Ephraim Willard of Boston Massachusetts. A inlaid mahogany case tall clock.

This inlaid mahogany case tall clock was made by Ephraim Willard of Boston, Massachusetts.

This is a fine example that exhibits wonderful narrow proportions. The mahogany wood selected for the construction of this case is nicely figured and varies in coloration. The case is alive.

This late example is elevated on four applied bracket flared French feet. The form is excellent. At the front of the case, follow the interior line as it transitions from one foot, bumping slightly at a small spur and then off to form the subtlety shaped drop apron and along to the next foot. This is a very nice detail. A light line inlay runs across the bracket molding before it steps back to the base. The base panel is line inlaid with a thin crass banded pattern of darker wood and this is framed with thin light wood inlay as a frame. The panel is well formed and positioned in a vertical format.

The base transitions into the waist section with a flared molding. The waist section is long and quite narrow. This accentuates the pleasing form of the case. The rectangular shaped hinged waist door features and excellent grain pattern. It is fitted with an applied molding along its perimeter. This door is also line inlaid in a pattern that conforms to the door shape. The door is fitted with a lock and brass keyhole surround. The sides of this case are fitted with fluted quarter columns that are stopped with brass and terminate in brass quarter capitals.

The waist transitions into the hood section with a flared throat molding. This bonnet features a traditional pierced and open lacy fretwork design and is surmounted with three brass finials. Each of the finials are mounted on fluted plinths. The bonnet door is an arched form and is fitted with glass. The two smoothly turned and brass stop fluted bonnet columns are positioned on either side of this door. They are free standing and mounted into brass capitals. They provide the illusion of supporting the upper bonnet molding. Tombstone shaped sidelights are fitted into the sides of the bonnet. Each of these is fitted with glass and provide a view of the mechanism.

The eight-day time and strike movement is brass and is of fine quality. It is designed to strike each hour on the hour. It strikes the hour a cast iron bell that is mounted above the movement. This clock is weight powered and wound with a key.

The iron dial is colorfully painted. Floral patterns decorate each of the four spandrel areas of this dial. The artwork in the lunette is very well done. An urn is centrally depicted in a window that is framed with curtains. Applied gesso beading and gilt work decorates the scene. This dial displays the time in a traditional format having large Roman style numerals that mark the hours and Arabic numerals are positioned at the five minute marker locations. A subsidiary seconds dial is located below the Roman hour numeral XII and the calendar date is indicated below the center arbor. This dial is signed by the maker just below the calendar aperture. It is reads “E. WILLARD / WARRANTED. / BOSTON.”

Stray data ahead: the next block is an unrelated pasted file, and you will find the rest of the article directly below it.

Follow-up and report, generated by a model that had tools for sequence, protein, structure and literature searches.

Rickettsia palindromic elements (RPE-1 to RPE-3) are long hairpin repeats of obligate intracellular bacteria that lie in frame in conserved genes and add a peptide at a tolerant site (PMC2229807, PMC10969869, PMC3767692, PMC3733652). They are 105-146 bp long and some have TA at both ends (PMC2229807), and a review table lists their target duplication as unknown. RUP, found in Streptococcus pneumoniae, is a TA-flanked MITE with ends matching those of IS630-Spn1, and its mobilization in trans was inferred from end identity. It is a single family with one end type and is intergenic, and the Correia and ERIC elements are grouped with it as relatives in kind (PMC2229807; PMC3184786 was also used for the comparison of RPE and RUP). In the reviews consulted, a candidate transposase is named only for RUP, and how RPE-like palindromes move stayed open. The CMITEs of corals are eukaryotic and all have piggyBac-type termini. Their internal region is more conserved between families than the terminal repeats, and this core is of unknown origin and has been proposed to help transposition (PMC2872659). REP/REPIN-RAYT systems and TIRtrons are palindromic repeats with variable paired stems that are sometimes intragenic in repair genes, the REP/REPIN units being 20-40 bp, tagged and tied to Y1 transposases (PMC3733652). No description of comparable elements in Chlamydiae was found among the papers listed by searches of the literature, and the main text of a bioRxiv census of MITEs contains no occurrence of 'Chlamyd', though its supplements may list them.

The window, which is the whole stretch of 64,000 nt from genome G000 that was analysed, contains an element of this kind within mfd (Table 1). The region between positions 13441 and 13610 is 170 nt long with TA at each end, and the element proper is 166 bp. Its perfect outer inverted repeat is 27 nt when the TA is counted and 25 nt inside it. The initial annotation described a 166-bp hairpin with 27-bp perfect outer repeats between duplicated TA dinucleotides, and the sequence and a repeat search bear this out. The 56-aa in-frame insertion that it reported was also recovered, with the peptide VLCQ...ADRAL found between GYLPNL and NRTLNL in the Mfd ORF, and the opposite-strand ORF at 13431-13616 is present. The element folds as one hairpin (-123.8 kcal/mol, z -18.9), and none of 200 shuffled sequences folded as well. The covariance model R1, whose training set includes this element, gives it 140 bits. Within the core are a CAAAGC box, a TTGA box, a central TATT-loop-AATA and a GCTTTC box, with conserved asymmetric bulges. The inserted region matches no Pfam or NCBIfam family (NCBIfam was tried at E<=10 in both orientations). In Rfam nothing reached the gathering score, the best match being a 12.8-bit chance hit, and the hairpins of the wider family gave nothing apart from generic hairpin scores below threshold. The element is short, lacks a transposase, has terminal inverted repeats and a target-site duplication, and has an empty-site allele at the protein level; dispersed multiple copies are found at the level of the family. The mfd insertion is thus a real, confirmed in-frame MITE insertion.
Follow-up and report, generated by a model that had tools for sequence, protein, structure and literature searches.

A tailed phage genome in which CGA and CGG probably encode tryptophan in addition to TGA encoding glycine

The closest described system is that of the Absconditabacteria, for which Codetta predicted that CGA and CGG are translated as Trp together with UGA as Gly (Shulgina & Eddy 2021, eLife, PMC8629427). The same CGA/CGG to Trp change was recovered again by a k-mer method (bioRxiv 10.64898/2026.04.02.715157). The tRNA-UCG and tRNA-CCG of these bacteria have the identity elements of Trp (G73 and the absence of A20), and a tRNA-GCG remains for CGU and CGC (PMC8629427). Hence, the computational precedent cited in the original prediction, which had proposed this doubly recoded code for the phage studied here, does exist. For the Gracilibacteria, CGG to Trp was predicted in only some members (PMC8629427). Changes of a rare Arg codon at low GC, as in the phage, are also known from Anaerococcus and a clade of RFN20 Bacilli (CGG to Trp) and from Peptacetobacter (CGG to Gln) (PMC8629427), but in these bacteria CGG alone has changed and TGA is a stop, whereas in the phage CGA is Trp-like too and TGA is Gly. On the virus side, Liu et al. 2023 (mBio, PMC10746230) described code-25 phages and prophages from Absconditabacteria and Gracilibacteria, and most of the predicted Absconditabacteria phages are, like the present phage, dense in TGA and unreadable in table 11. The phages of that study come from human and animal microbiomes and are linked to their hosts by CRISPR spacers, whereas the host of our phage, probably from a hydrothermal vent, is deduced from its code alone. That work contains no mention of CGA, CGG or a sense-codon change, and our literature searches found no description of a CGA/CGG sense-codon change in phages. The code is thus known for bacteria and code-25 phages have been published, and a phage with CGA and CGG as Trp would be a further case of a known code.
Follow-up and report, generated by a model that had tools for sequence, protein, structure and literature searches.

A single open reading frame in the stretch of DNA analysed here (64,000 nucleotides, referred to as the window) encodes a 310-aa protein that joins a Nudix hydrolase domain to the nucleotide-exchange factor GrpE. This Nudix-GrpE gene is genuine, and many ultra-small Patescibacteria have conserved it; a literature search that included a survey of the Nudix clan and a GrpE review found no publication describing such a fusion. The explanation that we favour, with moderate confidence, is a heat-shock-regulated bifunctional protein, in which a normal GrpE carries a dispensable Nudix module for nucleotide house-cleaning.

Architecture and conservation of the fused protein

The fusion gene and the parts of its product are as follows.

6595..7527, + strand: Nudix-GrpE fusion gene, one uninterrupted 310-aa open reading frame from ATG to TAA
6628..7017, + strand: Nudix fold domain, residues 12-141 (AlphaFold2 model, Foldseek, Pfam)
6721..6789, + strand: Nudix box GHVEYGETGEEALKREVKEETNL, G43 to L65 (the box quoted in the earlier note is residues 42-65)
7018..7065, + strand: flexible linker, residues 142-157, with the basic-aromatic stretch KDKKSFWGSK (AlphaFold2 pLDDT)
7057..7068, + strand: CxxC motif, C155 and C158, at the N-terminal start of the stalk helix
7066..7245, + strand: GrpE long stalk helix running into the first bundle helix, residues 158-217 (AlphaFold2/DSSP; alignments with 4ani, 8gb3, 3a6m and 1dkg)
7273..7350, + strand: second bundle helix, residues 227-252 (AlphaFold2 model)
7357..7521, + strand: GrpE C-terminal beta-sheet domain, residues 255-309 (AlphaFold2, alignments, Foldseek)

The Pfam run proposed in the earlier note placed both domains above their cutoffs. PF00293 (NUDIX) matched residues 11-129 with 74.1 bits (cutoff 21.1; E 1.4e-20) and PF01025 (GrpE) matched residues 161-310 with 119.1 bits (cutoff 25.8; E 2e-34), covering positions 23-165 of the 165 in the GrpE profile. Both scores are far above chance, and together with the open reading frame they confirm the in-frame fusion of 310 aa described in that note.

This clock was made while Ephraim lived in Boston and before he moved to New York. This would date it to about 1804 and may have been one of the last clocks he made based on the styling of this case. It stands approximately 7 feet 11.5 inches tall to the top of the finial. It is approximately 19.5 inches wide and 9 inches deep.

About Ephraim Willard of Medford, Roxbury and Boston, Massachusetts.

Ephraim Willard was born in Grafton, Massachusetts on March 18th, 1755. He parents, Benjamin Willard and Sarah (Brooks) Willard had twelve children. Four of the boys became clockmakers. Little is known of Ephraim’s early life in Grafton where he probably learned clock making from his older brothers Benjamin and Simon. Simon Willard (1753-1848) was to become America’s most famous clockmaker. It is recorded that Ephraim did march with his brothers in response to the Lexington Alarm on April 19,1775. His service lasted all of one week and five days. In 1777, he took up residence in Medford, Massachusetts and was listed as a clock and watchmaker. In 1784, a lawsuit identifies him a a trader living in Boston. In 1795 through 1801, he is listed as a Roxbury resident in the Roxbury Tax Records. In 1801, he purchased land and a house on Sheaf’s Lane in Boston. The deed for this transaction describes Ephraim as a “Merchant.” Financial difficulties followed over the next two years and Ephraim was then described as a Clockmaker. In 1804, he is listed in the Boston Tax Records as a clockmaker on Elliot Street. In 1805 Ephraim moved to New York City and is listed occasionally as a watchmaker until 1832. Ephraim, like his older brother Benjamin, was a bit of a wanderer. It seems his production as a Clockmaker was a fraction of what his three other brothers produced. A small number of tall clocks are know. The cases he selected to house his clocks range in form from very simple and reserved to what are considered the best the Boston area cabinetmaker had to offer.

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